-excerpt from Walking Through Walls by Philip Smith
On May 6th, 1936 My great grandmother, Doris, married Michael Cassone. Both immigrants to the U.S. (Doris from Holland and Michael from Italy) they raised a family of 2 girls and 1 boy. Michael, who I know as a quirky old man who carries an envelope of blonde jokes in his pocket at all times, loves to talk about money, and incessantly points at everyone to emphasize his point, has been and, though softened a little by his senescence, continues to be an overbearing and controlling husband and father.
On February 14th, 1959, Michael's daughter, Diane, wed Keith Johnson. 17, and pregnant, Diane married this handsome and charismatic man out of social obligation. They raised 3 children and traveled around the country living in California, New Jersey, Georgia, Michigan, and Minnesota. After 19 years of living with an abrasive alcoholic, Diane called it quits. With little money or resources other than her astounding creativity and artistic ability, she went to school for graphic design, enrolled in Alanon, and eventually started a successful clothing company with her only daughter.
Kelly, Diane's first born, married Jim, had 2 children and divorced 6 years later due to there differing opinions on life. On the brink of starting her new solitary existence in a funky apartment in St. Paul, Kelly met Davis on a tropical vacation. His charming smile and raspy voice won her over as he said to her on their second date: "We're gonna get married, have 1 boy and 1 girl and live happily ever after." On April 20th, 1995, Kelly and Davis eloped in a courthouse in Barbados. They had Bronte on March 30th, 1997 and Tyler on July 4th, 2000. As for the happily ever after...though still married, they are currently living in different countries as Davis's 15 year long chain of threats to leave my mother finally came to fruition. Mom keeps him at a distance emotionally, as her life long fear of being alone melts away and she finds peace in her man-free existence.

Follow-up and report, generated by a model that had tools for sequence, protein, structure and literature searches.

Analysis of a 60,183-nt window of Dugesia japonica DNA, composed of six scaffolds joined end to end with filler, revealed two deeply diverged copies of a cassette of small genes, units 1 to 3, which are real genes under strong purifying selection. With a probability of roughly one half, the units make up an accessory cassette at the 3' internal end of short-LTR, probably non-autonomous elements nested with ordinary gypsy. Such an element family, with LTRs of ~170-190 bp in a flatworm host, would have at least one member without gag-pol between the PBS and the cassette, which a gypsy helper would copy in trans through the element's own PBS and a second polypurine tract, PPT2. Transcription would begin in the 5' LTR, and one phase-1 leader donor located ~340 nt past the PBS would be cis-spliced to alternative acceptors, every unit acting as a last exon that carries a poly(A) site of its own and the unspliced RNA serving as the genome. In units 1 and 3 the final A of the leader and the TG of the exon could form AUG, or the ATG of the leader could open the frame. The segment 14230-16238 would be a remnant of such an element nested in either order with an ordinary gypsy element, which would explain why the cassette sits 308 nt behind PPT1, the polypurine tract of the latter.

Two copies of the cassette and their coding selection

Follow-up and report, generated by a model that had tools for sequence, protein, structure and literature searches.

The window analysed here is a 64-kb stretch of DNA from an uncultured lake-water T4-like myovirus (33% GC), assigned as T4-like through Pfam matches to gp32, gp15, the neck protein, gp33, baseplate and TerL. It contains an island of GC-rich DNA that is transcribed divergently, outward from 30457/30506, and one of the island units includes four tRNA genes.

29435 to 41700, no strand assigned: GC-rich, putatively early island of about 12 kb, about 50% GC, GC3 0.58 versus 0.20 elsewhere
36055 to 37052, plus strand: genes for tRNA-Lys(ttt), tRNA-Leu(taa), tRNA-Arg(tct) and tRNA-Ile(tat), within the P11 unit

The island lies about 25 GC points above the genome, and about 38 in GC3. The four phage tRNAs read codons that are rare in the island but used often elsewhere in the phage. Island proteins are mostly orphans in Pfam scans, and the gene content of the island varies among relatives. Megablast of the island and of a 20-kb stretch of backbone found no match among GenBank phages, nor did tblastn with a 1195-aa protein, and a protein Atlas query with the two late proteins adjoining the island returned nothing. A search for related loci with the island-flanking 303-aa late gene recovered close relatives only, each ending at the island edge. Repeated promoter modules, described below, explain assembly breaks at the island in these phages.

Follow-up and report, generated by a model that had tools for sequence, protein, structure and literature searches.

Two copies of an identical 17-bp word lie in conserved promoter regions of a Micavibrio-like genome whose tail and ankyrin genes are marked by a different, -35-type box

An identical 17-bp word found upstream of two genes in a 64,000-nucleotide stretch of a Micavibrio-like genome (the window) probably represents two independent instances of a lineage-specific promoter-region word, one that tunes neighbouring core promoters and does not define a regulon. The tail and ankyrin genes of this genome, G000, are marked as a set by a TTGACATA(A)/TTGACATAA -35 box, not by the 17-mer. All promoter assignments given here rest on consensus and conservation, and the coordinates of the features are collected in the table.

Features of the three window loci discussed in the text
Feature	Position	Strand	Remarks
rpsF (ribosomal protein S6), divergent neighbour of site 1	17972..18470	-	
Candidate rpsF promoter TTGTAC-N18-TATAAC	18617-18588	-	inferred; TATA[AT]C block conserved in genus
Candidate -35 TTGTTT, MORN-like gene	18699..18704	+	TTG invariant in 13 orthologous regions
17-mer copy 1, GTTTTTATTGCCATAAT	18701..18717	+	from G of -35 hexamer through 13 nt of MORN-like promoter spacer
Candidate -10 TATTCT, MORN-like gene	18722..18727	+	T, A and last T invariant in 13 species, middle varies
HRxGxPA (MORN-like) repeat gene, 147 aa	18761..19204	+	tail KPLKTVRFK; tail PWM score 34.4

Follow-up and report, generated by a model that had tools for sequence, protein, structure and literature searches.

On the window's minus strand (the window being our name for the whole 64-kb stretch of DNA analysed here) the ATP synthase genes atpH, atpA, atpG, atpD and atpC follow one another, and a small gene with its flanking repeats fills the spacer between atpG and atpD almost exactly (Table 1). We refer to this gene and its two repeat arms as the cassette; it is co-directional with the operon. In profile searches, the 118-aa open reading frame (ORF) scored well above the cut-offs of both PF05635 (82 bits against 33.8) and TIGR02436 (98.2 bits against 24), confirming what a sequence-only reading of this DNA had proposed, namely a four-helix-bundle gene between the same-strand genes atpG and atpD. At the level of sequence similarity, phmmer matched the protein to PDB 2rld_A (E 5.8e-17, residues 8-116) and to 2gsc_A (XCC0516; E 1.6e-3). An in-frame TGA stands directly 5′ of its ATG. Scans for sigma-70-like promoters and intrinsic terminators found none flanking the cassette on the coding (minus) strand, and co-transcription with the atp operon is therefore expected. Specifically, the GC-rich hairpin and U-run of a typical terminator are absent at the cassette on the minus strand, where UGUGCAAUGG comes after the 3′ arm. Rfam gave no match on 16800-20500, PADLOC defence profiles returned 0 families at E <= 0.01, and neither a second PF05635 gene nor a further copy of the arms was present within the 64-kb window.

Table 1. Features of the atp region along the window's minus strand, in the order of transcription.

On June 4th, 2010, I brought a child in to the world co-created by a hopelessly sweet man with several demons, a couple of them being drugs and alcohol. He left me April of this year and despite his efforts to maintain a front of loving behavior, I simply can't see myself going back. Lately I have been having terrible flashbacks to the wide array of disrespectful and disheartening words he spat my way, and I find myself welling up with anger, not only at him, but at myself. I am angry that I allowed myself to become part of this sequence of women choosing men that don't treat them right. That despite the hundreds of times Chloe said "You and Keikai are exactly like mom and Davis," I still didn't reconsider. Angry that after every time he called me a bitch, a word that never ceased to shoot knives in to my soul, I didn't break it off. Even though in hindsight I would have done things much differently, I have the most perfect baby girl as a result of our relationship, so I can't complain. The way in which I can alter the rhythm set by the women who preceded me is to act with grace, to do the hard but right thing and allow Tallulah to know her father, despite my judgements of him.
A few years ago when we took my great grandparents to Barbados for a vacation, after witnessing how Michael treated her, mom urged Doris to leave his aggression behind. She saw the validity in the argument, and cried, something that I had never witnessed her do. In the end, she decided that it was her duty to remain faithful to the man she married and see out the future, whatever it may hold. Doris and Michael are still married, living in an assisted living center in Atlanta. Nana and mom are both living without men, and I have been fortunate to watch their journey's unfold and learn from their developed wisdom. Having just welcomed our 5th generation of woman to the family, I know that if I am able to brush this chip off my shoulder and continue heading in my current direction, Tallulah will have a fresh start, a perception not jaded by witnessing hurtful words and difficult separations, rather an awareness of endless love and opportunity.